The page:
Even more burdensome than the financial pressure is Polley’s duty to dole out a steady stream of narcissistic satisfactions to various elders in her orbit. When she is cast in “The Adventures of Baron Munchausen” (a production whose special effects are later revealed to have posed serious safety hazards) she witnesses in her “Monty Python”-loving father “a pure, unmitigated elation. … The pinnacle of my success, and of my father’s pride, had been reached. I was 8 years old.”
Other essays recall more medical ordeals — the near-hallucinatory stress of her first pregnancy and her newborn daughter’s stint in the NICU, a yearslong journey treating a debilitating concussion — but the book is most interesting when Polley interrogates her own contradictions and manipulative instincts, many of which were a matter of survival. In what is arguably the collection’s best essay, Polley wrestles with the case of Jian Ghomeshi, the CBC radio host who in late 2014 and early 2015 was charged with multiple counts of sexual assault. Nearly 20 years before, 16-year-old Polley had a date with Ghomeshi, who was around 28 at the time. As she explains in rueful, almost deadpan bemusement, this date had generated two stories: a funny party story, with a few details left out, about a cringey encounter with a weirdo, and the story she kept hidden beneath the first, which was that Ghomeshi had violently assaulted her during sex. “Honestly, it didn’t occur to me to tell it,” Polley writes of the latter version. “For me, it wasn’t part of the story. It was the dark cavern in which my funny story happened.”
This is a pernicious and all-too-common form of self-gaslighting, and for all that’s been written about it in the #MeToo era, I have never seen anyone lay it out with as much precision and self-scrutiny as Polley does here. She describes how in the ensuing years she flattered and flirted with Ghomeshi when they crossed paths in professional settings because it seemed like good business practice. She even offers play-by-plays of interviews she did with Ghomeshi to promote her films, diffusing his meanspirited questioning by laughing uproariously, “as though he has just made the best joke of all time.”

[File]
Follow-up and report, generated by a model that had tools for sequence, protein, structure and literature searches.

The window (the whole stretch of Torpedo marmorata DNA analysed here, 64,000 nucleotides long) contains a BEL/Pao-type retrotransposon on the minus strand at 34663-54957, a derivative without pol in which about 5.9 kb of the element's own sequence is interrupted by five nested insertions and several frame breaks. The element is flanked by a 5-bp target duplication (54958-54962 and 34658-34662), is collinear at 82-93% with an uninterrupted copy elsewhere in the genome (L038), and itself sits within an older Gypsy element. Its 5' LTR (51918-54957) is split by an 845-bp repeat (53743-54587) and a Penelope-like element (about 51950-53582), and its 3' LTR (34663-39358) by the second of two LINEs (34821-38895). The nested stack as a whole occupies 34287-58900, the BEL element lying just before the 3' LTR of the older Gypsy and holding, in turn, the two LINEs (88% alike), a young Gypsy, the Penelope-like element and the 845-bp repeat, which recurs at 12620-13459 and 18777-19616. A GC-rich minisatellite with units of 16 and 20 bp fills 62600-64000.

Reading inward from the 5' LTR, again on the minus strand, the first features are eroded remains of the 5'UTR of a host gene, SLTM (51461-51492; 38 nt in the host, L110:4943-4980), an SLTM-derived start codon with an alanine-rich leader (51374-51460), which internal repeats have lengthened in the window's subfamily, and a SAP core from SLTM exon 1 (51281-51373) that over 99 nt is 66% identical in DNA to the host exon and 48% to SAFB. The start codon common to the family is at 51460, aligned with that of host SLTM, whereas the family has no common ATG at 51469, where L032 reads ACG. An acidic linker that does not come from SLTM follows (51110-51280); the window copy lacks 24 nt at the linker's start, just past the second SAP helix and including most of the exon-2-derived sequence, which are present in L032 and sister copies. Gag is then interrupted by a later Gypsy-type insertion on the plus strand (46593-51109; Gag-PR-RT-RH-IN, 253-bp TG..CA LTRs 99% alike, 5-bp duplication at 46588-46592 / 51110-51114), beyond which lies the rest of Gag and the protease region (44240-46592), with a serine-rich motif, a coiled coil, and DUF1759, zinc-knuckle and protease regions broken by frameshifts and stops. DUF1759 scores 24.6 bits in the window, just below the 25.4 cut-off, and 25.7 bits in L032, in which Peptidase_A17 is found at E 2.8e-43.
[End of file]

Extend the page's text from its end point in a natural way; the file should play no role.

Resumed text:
Later Polley will agonize over whether to join Ghomeshi’s other accusers, but her years of concessions, not to mention countless retellings of her funny party story, are certain to undermine the credibility of the other women. In the end, Ghomeshi is acquitted on all counts. The little girl who carried the weight of Hollywood movie budgets and theater actors’ salaries on her shoulders is now a grown woman whose stolen childhood has made her at once a stunningly sophisticated observer of the world and an imperfect witness to the truth. Her willingness to embrace such paradoxes, in this book as well as in her films, is the mark of a real artist.